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Mike Wise: As His Return Nears, Gilbert Arenas's Mouth Hits the Court Running
During his rehab period, Arenas was bothered by the notion that he was dogging it. "I heard, 'You don't want to play.' No, I had three surgeries. I'm not just sitting on the bench; I'm injured. It's wild how perceptions change so quickly.
"At one point, you're seen as the hardest-working player in the league. And in one moment, you're a thief. How does that work?"
As this dreadful Wizards' season draws to a close, I selfishly tried to enlist the three-time NBA all-star in some I-told-you-so vindication after he returned my call, get the franchise player to go off on the haters now in hiding. You know who his main target was?
That's right, Arenas pointed the finger at Agent Zero for not helping develop the young players on the team, for not getting Nick Young, Dominic McGuire, Javaris Crittenton, JaVale McGee or Andray Blatche to progress enough during an 82-game gift of an opportunity -- though he said McGuire worked for everything he got.
"Nick, Javaris, JaVale -- I felt personally that they didn't get better this season due to the fact I wasn't around," Arenas said. "All of us are at fault, but I blame myself for them three not getting better."
"We didn't realize what happened, how we got too young too early too fast," he said of the Wizards. "We got rid of veterans every year, and we're bringing in kids. We kept getting draft picks. We kept acquiring projects. Nick is a project. JaVale is a project. Javaris is a project. Eventually when you have enough projects, you live in the 'hood."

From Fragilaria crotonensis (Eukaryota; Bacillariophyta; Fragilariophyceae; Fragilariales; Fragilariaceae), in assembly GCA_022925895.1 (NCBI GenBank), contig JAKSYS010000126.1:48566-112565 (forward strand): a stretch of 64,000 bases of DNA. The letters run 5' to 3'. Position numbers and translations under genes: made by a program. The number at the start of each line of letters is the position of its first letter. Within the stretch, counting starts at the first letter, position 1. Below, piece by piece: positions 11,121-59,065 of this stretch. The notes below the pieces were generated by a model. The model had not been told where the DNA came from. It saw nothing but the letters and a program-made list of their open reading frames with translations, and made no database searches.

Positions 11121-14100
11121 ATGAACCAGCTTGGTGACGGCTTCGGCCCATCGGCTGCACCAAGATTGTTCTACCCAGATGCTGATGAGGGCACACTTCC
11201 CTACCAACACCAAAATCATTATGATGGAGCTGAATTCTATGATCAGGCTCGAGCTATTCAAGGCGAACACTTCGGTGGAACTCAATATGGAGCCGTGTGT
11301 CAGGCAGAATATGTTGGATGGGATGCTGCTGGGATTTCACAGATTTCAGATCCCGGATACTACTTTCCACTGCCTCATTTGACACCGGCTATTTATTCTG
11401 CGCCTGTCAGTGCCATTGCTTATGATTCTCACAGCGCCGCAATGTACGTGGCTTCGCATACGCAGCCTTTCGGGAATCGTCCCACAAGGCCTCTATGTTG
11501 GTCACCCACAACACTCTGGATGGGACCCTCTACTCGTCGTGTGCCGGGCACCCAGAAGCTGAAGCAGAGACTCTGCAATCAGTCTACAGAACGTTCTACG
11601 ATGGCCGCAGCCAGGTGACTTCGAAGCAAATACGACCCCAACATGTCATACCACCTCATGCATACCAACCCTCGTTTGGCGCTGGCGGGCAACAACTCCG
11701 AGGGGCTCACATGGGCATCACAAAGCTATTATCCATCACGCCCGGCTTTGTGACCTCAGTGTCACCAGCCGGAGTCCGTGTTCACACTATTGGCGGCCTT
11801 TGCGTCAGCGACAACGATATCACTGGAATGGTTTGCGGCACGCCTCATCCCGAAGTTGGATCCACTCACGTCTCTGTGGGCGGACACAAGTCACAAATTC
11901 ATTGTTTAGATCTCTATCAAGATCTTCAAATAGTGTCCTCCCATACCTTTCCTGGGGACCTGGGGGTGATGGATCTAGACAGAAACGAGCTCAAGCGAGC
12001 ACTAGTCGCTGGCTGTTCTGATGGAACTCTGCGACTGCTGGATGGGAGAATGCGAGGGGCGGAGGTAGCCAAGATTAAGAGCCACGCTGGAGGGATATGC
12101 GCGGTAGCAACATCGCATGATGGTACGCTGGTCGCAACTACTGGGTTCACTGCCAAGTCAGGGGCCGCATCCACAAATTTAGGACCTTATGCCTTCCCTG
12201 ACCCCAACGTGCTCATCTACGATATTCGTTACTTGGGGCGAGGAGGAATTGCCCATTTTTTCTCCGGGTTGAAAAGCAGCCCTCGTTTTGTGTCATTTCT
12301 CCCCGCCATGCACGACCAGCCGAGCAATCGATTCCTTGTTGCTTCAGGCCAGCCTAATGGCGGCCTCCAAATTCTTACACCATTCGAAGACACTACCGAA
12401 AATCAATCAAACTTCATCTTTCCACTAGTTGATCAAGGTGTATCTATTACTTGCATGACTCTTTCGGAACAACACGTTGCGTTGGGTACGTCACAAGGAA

Seventeen and 56 is indeed the NBA's 'hood.
"At the end of the day, our problem is we don't have a veteran team," he said. "A team like Cleveland, they went to the finals and got rid of two veteran players and they brought in two veterans. It was hard to watch us fall off. We were right there with Cleveland. Orlando and Atlanta got older, better. Now they all surpassed us. Damn, look at Miami? They were above us, then we passed them and now they're ahead of us again."
Arenas said he has committed to spending most of the summer working out with Young, Crittenton and McGee, to "teach them what I know."
The hardest part of this season, Arenas said, was disconnecting from a team he felt helpless around. It got to the point where he begged team physicians three times to give him a clean bill of health so he could play -- in November, which he now realizes would have set back his recovery. He finally knew that focusing on his own recovery would be his greatest contribution.
"I was like: 'I can't watch this. This isn't basketball,' " he said. "Earlier in the season, I'm even cussing Antawn [Jamison] and Caron [Butler], telling them to get on the young players, 'Y'all need to do something, what the [expletive] are you doing?' But after a while when you don't play, everyone tunes you out. You can only get in their heads so much when you're not on the floor with them."